The former US defence secretary recalls that during his last visit to Islamabad in January 2010, he met the then President Asif Ali Zardari, Prime Minister Yousuf Raza Gilani and Army Chief Gen Ashfaq Pervez Kayani, and returned convinced that Pakistan would not sever its ties to the Taliban.
Mr Gates writes that he visited Islamabad with a clear and ‘consistent’ message: “We are committed to a long-term strategic partnership (and) we needed to work together against the ‘syndicate of terror’ placing Afghanistan, Pakistan and India at risk.”
The two countries also needed to work together “to remove safe havens on both side of the border; Pakistan needed to better control anti-Americanism and harassment of Americans; and the Pakistani army’s ‘extra-judicial killings’ were putting our relationship at risk,” Mr Gates recalls.
“The visit was for naught,” says the former US defence secretary while complaining that Pakistani leaders did not share his views.
Mr Gates says that he returned convinced that “Pakistan would work with the US in some ways — such as providing supply lines through Pakistan, which were also highly profitable — while at the same time providing sanctuary for the Taliban and other extremists.”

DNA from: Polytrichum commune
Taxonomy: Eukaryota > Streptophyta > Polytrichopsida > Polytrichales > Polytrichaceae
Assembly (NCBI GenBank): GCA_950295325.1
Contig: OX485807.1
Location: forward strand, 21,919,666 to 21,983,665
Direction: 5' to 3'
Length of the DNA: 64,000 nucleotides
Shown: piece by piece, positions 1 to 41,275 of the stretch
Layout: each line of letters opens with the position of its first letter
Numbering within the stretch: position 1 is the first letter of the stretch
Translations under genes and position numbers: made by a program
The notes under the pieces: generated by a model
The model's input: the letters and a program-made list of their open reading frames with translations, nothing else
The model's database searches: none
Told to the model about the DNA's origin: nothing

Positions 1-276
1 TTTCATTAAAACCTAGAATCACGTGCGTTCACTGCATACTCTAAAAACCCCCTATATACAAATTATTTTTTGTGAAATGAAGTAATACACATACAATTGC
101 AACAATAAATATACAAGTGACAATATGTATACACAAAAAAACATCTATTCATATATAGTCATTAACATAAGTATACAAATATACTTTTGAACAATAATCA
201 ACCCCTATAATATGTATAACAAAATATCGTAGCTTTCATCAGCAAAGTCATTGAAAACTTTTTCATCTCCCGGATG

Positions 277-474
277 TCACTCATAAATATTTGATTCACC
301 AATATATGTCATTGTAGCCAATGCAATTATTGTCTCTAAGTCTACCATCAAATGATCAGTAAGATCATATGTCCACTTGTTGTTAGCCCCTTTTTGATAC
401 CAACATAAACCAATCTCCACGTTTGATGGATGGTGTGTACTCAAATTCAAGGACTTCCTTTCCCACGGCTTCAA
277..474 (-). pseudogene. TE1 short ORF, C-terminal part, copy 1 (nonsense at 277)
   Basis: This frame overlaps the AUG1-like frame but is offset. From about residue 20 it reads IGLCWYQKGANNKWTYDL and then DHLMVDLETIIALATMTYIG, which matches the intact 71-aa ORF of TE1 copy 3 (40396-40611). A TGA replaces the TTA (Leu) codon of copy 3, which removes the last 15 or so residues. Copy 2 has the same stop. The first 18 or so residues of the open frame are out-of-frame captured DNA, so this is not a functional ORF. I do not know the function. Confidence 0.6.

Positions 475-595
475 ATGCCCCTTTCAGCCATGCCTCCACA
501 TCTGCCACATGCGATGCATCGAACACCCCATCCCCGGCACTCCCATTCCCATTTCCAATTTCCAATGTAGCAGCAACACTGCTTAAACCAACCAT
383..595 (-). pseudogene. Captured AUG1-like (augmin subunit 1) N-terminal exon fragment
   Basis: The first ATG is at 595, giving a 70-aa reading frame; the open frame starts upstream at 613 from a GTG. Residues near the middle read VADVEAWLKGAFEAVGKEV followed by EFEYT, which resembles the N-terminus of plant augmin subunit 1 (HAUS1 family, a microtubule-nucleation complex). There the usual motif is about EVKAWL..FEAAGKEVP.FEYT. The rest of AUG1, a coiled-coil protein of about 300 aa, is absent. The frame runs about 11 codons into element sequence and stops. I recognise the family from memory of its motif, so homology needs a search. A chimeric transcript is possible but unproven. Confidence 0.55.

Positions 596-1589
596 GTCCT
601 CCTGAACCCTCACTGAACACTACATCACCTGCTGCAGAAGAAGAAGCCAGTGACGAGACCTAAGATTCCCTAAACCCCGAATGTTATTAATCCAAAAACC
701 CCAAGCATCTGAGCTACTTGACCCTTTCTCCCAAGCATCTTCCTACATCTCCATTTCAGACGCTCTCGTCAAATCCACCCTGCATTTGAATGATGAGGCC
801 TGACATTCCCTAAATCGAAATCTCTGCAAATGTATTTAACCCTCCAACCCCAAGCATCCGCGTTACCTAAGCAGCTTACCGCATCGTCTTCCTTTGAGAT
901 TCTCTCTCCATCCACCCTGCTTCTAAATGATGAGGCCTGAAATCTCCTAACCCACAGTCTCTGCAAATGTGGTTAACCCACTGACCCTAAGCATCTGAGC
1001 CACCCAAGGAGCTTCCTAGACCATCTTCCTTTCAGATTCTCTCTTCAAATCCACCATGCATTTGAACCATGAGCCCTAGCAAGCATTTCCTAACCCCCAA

The Pakistanis wanted to do so because they wanted to ensure “that no matter who came out on top in Afghanistan, Pakistan would have influence. If there was to be any reconciliation, the Pakistanis intended to control it.”
Mr Gates, who worked for the US government for 26 years, claims that no US administration in his entire career “devoted more time and energy to working the Pakistanis than did President (Barack) Obama and all his senior team.”
He recalls how weeks before his inauguration, Mr Obama and his senior aides, including Hillary Clinton and Joe Biden, spent nearly an hour discussing on Afghanistan, Pakistan and India.
“Pakistan was described as the biggest, most dangerous situation,” he writes.
In Mach 2009, President Obama held a series of meetings to discuss Bruce Riedel’s draft of his Af-Pak policy, which recommended disrupting the terrorist networks in Afghanistan and especially Pakistan.
The new policy also called for a more effective government in Afghanistan, developing the Afghan security forces.
For ending Pakistan’s support for terrorist and insurgent groups, it suggested enhancing civilian control in Pakistan, and using US diplomatic, military, and intelligence channels to reduce enmity and distrust between Pakistan and India.“It was breath-taking in its ambition,” Mr Gates writes.
When President Obama announced his Af-Pak strategy, he too had reservations on Pakistan’s cooperation.
“I also doubted we could persuade the Pakistanis to change their ‘calculus’ and go after the Afghan and other extremists on their side of the border,” writes Mr Gates.“When a Pakistani Taliban offensive that spring reached within sixty miles of Islamabad, the Pakistani army went after them in Swat and South Waziristan for their own protection.”
Pakistan’s “continuing toleration of the Afghan Taliban, including harbouring their leaders in Quetta was a hedging strategy based on their lack of trust in us, given unwillingness to stay engaged in Afghanistan in the early 1990s,” he writes.
The book is scheduled to be released next week.